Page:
And no, there is no obsession with science. You do not even know what science is. If you knew, then you would understand that there can’t be an obsession. You are merely projecting your ignorance with confidence. However, it doe snot beget any knowledge. I’m merely opening you eyes to understand how to distinguish fact from opinion and belief. This article (this statistically flawed pseudoscience report) is opinion and not fact. Yet you admit it, but still masquarade the ‘opinion’ as ‘fact’ by grounding it in your belief. That is a serious dichotomy you find yourself in. I think your reason filter is broken because it let’s all the crap get thru. You adopted someone’s reason filter and did not realize it is broken. That can be changed, but should give you pause if you are serious about the foundations of your beliefs. It would be hard work for you, extremely hard for you, but it can be done. You need to consider closing down your museum of mistakes and wake up to reality.

            Here is a lesson for you:
            Belief does not change reality, it’s the other way around. You need to change your beliefs to fit reality.

            With your last sentence you merely admit to being a troll. I leave you with another quote:
            “Never argue with an idiot. They will only bring you down to their level and beat you with experience.” – George Carlin

            I need to stop arguing with you, immediately. I refuse
            to go down to your level and to be beaten by your troll experience.

          • http://www.facebook.com/Kieseyhow Kieron Seymour-Howell

            ‘When the debate is lost, slander becomes the tool of the loser’. – Socrates

            Oh, now I am REALLY laughing. All you have done, in nearly every paragraph of every post, is attack and slander. Your failed attempts at belittlement and utter lack of common sense concerning the value of the data on this page, no doubt have provided many people with considerable amusement.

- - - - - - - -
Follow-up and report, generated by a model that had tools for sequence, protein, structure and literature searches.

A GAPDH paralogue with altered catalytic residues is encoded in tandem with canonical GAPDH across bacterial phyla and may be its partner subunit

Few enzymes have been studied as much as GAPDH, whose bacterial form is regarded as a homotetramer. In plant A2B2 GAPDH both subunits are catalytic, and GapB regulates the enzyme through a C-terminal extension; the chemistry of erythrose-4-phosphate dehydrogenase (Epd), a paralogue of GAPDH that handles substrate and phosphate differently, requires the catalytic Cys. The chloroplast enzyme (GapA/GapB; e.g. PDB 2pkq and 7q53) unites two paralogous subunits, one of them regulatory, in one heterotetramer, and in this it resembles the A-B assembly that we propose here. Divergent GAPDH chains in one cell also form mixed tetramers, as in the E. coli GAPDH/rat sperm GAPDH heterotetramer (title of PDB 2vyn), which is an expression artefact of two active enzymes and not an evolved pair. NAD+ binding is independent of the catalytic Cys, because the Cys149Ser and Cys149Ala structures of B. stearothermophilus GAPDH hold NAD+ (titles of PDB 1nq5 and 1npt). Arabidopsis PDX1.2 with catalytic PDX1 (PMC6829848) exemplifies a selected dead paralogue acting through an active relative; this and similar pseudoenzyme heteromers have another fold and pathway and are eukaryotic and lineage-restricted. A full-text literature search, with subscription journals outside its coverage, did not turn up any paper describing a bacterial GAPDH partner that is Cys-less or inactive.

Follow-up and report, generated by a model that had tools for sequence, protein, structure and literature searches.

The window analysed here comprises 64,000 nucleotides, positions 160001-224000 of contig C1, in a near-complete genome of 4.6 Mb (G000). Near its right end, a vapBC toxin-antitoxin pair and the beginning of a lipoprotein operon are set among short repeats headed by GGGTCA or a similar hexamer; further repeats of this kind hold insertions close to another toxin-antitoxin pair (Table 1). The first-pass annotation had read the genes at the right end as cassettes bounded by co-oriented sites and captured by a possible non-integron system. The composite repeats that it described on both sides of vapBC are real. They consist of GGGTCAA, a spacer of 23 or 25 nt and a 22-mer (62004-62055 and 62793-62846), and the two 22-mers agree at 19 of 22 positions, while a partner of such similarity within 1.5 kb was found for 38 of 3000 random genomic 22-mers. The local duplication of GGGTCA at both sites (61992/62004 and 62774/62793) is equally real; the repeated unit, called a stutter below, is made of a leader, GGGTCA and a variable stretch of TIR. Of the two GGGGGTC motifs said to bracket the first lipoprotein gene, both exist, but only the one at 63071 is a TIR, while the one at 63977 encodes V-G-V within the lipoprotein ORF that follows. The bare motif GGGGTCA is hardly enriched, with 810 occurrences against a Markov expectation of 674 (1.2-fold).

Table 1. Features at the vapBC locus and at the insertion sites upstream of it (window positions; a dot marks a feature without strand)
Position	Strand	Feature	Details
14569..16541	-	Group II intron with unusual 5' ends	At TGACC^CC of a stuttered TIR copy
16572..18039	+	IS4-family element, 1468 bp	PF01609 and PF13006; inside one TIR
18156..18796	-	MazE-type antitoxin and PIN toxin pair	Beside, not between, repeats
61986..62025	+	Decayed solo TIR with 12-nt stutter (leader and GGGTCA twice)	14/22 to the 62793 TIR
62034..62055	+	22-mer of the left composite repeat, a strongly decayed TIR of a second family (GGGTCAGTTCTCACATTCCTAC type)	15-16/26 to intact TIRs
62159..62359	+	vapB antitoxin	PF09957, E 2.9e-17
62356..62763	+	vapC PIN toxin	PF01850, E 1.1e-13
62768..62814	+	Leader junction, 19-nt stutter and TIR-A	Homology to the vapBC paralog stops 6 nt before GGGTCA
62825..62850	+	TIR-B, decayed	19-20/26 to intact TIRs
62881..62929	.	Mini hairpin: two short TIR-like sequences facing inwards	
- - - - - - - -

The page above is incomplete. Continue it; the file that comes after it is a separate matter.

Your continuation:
I am not “a troll” but I will admit to trolling people when it amuses me. But then, I do that in person far more than online. Also, I use my real name and photo, unlike most online; hint hint. :P

          • John

            Am not arguing with you. I am merely refusing to be beaten by your troll experience.

          • AnOilMan

            Actually you’re the troll. Undeniable.

          • John

            Troll.

          • John

            You are indeed a troll.

          • John

            Trolling.

          • John

            How do you know that?

          • John

            How do you know that?

          • http://www.facebook.com/Kieseyhow Kieron Seymour-Howell

            What would constitute a wide enough data set for you, every desktop in use? Do you honestly think scientists gather data from that many sources? Maybe a dozen, perhaps a hundred in very rare occasions. This gathered data is from thousands of drives. Where do you propose we go to find more that that? And, who is going to pay for, and authenticate the results? So, we have what we have. Tells me far more than the outside of the box, or the 20 word blurb that is given on hard drive sites.

            I still think you are a shill from Seagate…

          • John

            Straw man.
            Maybe you should learn what constitutes a good experiment and then come back when we can deal in fact.

          • http://www.facebook.com/Kieseyhow Kieron Seymour-Howell

            LOL

          • John

            troll.

          • http://www.facebook.com/Kieseyhow Kieron Seymour-Howell

            Or the way you do? You actually show by your replies that you have almost no reading comprehension, and you have no idea what I mean, or the article means. I believe you are a shill for one of these drive manufacturers who comes out looking bad.

          • John